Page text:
The Government faces renewed calls to introduce minimum alcohol pricing, following a report by the National Institute for Health and Clinical Excellence (Nice) which backs the policy.
In public health guidance which looks at tackling the effects of harmful drinking, Nice said "Making alcohol less affordable is the most effective way of reducing the harm it causes among a population where hazardous drinking is common".
The report recommended a ban on ‘below cost' selling of alcohol, a move which the new coalition Government has already indicated it intends to support, along with a minimum price per unit.
Although the guidance does not set out what it expected the minimum price per unit to be, it said minimum pricing would: "encourage producers to reduce the strength of products. As an example of the effect of minimum pricing, over a 10-year period it is estimated that a 50p minimum price per unit would reduce the cost of alcohol-related problems by £9.7bn."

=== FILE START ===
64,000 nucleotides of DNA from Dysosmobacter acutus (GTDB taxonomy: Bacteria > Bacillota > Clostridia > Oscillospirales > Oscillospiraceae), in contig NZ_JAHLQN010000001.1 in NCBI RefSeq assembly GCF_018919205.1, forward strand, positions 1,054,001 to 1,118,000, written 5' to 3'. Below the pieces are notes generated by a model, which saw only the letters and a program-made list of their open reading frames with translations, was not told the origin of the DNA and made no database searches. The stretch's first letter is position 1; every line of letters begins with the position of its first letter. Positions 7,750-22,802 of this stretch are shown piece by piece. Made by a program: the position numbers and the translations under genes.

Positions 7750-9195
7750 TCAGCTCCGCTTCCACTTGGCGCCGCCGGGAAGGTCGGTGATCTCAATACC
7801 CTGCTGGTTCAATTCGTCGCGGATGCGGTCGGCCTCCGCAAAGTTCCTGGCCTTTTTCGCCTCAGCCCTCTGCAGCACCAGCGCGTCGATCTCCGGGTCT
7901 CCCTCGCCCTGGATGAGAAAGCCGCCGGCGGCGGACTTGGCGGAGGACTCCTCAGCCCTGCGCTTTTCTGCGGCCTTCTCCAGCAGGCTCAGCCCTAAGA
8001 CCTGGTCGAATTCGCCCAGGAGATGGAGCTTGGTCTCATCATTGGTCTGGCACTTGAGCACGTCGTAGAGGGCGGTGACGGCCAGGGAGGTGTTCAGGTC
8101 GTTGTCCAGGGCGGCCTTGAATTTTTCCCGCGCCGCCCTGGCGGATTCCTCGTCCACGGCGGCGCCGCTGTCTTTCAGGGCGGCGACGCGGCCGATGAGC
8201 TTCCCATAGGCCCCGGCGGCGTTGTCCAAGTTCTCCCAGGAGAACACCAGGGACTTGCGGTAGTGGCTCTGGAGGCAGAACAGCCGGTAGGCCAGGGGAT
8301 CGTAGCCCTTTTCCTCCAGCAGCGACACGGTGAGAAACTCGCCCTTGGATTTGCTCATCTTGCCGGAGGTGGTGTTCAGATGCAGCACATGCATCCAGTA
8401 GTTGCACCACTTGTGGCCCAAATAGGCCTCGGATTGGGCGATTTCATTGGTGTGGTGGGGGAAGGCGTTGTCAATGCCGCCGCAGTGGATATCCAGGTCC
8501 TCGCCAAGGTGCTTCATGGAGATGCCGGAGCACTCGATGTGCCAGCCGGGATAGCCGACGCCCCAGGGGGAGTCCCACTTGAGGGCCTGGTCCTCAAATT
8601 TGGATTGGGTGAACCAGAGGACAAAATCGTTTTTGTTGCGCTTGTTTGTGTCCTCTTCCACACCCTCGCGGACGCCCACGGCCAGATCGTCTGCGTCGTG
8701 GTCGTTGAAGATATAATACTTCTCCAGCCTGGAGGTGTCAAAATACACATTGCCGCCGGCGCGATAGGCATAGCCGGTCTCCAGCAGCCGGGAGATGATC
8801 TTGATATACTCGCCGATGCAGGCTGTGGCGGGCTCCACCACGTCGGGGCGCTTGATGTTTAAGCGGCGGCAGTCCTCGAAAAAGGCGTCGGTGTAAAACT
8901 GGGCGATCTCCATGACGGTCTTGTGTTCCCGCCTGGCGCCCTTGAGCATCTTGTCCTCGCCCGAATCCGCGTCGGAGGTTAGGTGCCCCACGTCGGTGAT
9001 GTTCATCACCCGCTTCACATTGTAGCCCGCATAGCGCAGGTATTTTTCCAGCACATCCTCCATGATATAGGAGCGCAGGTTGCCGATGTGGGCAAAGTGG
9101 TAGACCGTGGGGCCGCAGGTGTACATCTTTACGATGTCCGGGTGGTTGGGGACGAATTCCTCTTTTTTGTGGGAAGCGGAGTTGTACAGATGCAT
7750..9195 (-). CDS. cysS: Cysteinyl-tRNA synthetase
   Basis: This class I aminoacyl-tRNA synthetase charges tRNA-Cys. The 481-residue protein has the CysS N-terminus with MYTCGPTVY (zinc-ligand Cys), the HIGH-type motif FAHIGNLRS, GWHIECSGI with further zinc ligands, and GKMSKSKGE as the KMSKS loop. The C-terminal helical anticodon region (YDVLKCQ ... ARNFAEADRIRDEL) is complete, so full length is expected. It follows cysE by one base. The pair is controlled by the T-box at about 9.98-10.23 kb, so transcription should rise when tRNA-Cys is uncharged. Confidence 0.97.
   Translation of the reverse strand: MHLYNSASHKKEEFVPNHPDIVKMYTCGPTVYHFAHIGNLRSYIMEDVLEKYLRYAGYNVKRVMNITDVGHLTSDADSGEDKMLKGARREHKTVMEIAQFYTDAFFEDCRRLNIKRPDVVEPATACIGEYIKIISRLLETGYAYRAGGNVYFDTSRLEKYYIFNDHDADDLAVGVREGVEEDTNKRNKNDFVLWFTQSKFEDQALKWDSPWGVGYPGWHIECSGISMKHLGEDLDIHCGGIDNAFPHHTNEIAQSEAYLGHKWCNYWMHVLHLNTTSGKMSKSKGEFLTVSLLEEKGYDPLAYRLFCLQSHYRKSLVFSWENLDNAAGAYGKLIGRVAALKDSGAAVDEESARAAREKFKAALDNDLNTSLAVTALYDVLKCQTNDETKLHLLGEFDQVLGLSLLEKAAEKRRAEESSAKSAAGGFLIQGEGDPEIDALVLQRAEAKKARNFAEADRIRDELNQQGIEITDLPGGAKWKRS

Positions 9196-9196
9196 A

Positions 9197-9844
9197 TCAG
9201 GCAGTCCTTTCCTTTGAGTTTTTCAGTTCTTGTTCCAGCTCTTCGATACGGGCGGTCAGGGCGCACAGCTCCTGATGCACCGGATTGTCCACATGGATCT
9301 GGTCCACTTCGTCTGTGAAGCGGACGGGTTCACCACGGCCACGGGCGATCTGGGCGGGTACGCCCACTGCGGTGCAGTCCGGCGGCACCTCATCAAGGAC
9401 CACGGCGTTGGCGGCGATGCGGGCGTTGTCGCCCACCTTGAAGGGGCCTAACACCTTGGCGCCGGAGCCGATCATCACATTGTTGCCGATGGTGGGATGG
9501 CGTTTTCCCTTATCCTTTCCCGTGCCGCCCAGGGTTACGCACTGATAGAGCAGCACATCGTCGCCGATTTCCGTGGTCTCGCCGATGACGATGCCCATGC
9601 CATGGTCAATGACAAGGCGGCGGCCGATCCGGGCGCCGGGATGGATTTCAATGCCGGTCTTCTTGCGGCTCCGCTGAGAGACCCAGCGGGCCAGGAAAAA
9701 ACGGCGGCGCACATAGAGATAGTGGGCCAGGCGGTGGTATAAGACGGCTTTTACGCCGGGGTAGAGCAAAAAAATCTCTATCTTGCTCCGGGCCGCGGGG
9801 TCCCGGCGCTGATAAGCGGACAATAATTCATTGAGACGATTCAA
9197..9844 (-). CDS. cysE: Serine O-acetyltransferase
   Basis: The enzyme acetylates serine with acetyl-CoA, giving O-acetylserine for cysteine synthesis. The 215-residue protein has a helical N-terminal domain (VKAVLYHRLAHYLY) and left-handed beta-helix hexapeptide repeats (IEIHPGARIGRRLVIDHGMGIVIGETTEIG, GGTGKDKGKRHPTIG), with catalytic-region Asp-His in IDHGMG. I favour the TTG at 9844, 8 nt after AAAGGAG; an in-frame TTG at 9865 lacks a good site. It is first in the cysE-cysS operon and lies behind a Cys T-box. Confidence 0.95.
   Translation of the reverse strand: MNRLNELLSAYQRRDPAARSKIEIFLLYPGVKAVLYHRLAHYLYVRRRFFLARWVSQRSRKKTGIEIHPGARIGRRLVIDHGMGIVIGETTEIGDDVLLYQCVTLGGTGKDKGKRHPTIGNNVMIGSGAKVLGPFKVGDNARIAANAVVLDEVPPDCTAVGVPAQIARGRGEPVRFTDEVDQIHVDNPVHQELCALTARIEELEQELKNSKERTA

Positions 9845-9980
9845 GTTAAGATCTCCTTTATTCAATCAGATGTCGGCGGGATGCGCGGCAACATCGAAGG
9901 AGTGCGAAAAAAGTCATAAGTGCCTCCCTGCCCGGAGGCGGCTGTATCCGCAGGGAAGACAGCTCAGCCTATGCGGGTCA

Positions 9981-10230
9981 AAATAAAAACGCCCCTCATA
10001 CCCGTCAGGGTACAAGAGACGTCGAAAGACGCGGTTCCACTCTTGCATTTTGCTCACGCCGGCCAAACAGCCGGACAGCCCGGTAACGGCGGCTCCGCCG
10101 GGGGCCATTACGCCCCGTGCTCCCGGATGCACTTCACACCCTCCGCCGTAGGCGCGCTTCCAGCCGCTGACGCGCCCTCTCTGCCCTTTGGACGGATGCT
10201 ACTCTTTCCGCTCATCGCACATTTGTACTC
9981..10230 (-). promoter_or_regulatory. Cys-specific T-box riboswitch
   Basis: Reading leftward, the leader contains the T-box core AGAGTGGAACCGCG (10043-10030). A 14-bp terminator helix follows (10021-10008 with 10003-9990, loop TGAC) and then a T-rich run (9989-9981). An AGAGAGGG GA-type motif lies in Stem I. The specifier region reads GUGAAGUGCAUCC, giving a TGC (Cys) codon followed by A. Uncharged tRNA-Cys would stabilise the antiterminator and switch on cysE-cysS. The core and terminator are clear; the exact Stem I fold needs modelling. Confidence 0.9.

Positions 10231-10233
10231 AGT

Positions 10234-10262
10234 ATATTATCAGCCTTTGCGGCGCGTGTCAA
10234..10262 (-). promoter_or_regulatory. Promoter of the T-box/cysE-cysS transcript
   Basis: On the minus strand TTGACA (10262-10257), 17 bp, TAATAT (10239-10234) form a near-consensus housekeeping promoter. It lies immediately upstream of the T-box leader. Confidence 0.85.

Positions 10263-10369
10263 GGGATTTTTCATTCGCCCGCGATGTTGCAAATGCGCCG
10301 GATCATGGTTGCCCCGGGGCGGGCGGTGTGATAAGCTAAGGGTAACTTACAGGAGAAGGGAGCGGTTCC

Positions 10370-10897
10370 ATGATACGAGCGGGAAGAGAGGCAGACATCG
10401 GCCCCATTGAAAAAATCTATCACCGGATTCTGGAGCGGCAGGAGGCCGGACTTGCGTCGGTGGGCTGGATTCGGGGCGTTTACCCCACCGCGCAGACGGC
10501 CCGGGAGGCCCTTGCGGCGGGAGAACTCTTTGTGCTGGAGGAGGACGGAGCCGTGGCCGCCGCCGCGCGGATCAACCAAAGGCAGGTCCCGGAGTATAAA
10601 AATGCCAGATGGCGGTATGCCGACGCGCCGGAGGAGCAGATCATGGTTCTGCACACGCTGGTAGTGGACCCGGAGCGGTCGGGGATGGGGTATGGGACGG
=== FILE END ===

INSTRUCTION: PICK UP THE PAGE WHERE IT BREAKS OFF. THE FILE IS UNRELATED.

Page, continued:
Nice pointed to evidence which showed that 80% of alcohol is purchased by 30% of the population, suggesting that "the current low pricing policy in supermarkets mainly benefits those drinking at hazardous and harmful levels."
While the price of alcohol has been rising at around the same rate as other consumer products for the past 20 years, incomes have risen much faster, making alcohol 75% more affordable between 1980 and 2008, the report said. Since 1987, beer and wine have become 139% and 124% more affordable respectively when bought from an off-licence.
By Neil Gerrard
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